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So, then, here it is: the best Game Boy adventure ever released, and a serious contender for the title of greatest hand-held game of them all. Released in late 1993, when the console was already firmly established in the market, it redefined expectations of what the humble Game Boy should be able to achieve. It managed enormous scores in the games magazines of the day, even by their usually inflated standards, and its near-universal acclaim was entirely justified. In 1998 a DX version was released for the Game Boy Color, which added colour (amazingly) as well as a couple of gameplay tweaks and one extra dungeon.
This game is a little cut off from the previous instalments in the Zelda series, taking place as it does on an island far from Hyrule and with Zelda herself making no more than a brief cameo appearance. Actually there are quite a number of cameos from characters such as Yoshi and Mr Write, and these are cleverly done so that series aficionados will raise a smile but those new to Zelda will not be unduly punished for their ignorance. When I bought my cartridge I knew almost nothing about the Zelda universe as such, and I still enjoyed the game hugely.
Link's Awakening is an action adventure RPG, in which
you take the part of Link and explore the island of Koholint, with the ultimate aim of waking the mysterious Wind Fish. This you are told by the owl who swoops down to you near the start of the game, and again at intervals thereafter. There is actually quite a lot of help and useful hints to be gleaned by listening carefully to as many characters as possible - some children in the village where you start will even help you learn the controls! Along your way you will need to explore a number of dungeons, set in caves, where all manner of nasty creatures lurk.
The difficulty is nicely judged, scaling up gradually but noticeably as you progress through the game. For example, the first significant problem you have to solve - locating your lost sword - is very easy provided you have been paying attention. That's a good job, because you're not going to get very far without it! The island's geography is cleverly arranged so that many areas are simply out of bounds until you have acquired certain pieces of equipment: this assists you both in making it clear that you have not yet explored your current area adequately and in preventing your straying into too deadly a location before you have built up the ability to cope with it. By the time you get to the higher levels, you get very little leeway to make mistakes.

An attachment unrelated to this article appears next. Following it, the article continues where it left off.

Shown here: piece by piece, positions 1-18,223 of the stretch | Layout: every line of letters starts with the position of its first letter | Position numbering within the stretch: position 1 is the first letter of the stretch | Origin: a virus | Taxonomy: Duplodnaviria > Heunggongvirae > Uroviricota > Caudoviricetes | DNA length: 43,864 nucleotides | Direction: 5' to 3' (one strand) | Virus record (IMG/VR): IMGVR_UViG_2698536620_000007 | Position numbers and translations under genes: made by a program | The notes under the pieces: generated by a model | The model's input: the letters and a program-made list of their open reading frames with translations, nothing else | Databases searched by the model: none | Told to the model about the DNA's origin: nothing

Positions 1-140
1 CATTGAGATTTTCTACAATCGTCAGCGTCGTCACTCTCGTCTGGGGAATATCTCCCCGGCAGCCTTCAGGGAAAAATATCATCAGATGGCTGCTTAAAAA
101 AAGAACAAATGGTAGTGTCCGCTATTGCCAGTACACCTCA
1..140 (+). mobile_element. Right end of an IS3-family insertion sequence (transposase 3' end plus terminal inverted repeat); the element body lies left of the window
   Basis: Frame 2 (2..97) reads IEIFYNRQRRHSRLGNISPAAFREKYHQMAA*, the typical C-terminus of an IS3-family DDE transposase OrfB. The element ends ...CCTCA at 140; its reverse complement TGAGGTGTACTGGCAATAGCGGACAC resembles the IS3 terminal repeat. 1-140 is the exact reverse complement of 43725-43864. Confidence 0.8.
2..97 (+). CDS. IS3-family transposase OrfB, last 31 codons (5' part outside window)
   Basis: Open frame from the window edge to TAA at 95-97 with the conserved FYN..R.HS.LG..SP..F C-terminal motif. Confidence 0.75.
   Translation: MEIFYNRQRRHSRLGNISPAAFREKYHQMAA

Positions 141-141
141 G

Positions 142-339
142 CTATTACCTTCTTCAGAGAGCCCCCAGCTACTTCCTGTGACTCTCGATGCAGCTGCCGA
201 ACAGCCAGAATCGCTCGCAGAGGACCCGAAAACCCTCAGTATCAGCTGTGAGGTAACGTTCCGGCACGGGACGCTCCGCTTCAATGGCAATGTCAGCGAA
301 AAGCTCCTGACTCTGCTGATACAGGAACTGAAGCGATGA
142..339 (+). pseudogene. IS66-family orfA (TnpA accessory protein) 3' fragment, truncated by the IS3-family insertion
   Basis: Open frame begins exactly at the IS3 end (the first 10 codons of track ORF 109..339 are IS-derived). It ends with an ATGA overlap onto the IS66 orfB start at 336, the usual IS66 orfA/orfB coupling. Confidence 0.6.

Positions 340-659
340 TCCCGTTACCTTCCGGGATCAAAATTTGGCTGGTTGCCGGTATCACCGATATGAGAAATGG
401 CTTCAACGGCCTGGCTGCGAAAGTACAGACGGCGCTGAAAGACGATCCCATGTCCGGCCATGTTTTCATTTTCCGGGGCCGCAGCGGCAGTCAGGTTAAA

The island feels very large, despite the map proving that it is not enormous; it also gives the impression of being a living, organic space, as all the best RPG worlds do. Characters refer to each other as well as just to you, some of them act differently according to what you are carrying or who you have met, and some can be both friend and foe depending on the circumstances. In some cases visiting A and then B will have different consequences from doing it the other way around. This can be frustrating, but for the most part it simply adds to the interest and extends the game's already impressive lifespan.
Considering the limitations of the monochrome palette (in the original version) the graphics are not bad at all. Characters are reasonably easily distinguished from one another, and the designs are cute and humorous without becoming sickly sweet. It does occasionally become a little hard to see what is going on when there is a lot of fast-moving action, such as in some of the dungeons, but it's not impossible to cope. As you would expect, the introduction of colour in the DX version makes everything a lot easier to see, and gives the world itself a brighter feel.
The sound is excellent, given the console's technical limitations. There is a very wide variety of music, and even the blips and bloops when you collect items and suchlike are nicely varied. The sound also plays an important role in the game, in that a change in background music can often alert you to the fact that you are walking into danger or that there is an opportunity to collect treasure. (Koholint's currency is the rupee, and a bit of slashing away at the cabbage fields can often turn up some coins. These are not for bribing monsters: they have a much more obvious use.)
If I had to restrict myself to one Game Boy game, then in all probability it would be Link's Awakening, even ahead of such all-time classics as Lemmings and Tetris. It is an absolute triumph, and transcends the modest capabilities of its hardware to earn a place as one of the finest of all such action adventures. Even with a complete solution and map in front of you (you cheat!) it still holds the interest, partly because there is just so much freedom to try new things. If you're feeling violent, try attacking the chickens in the village... but do save your game first!
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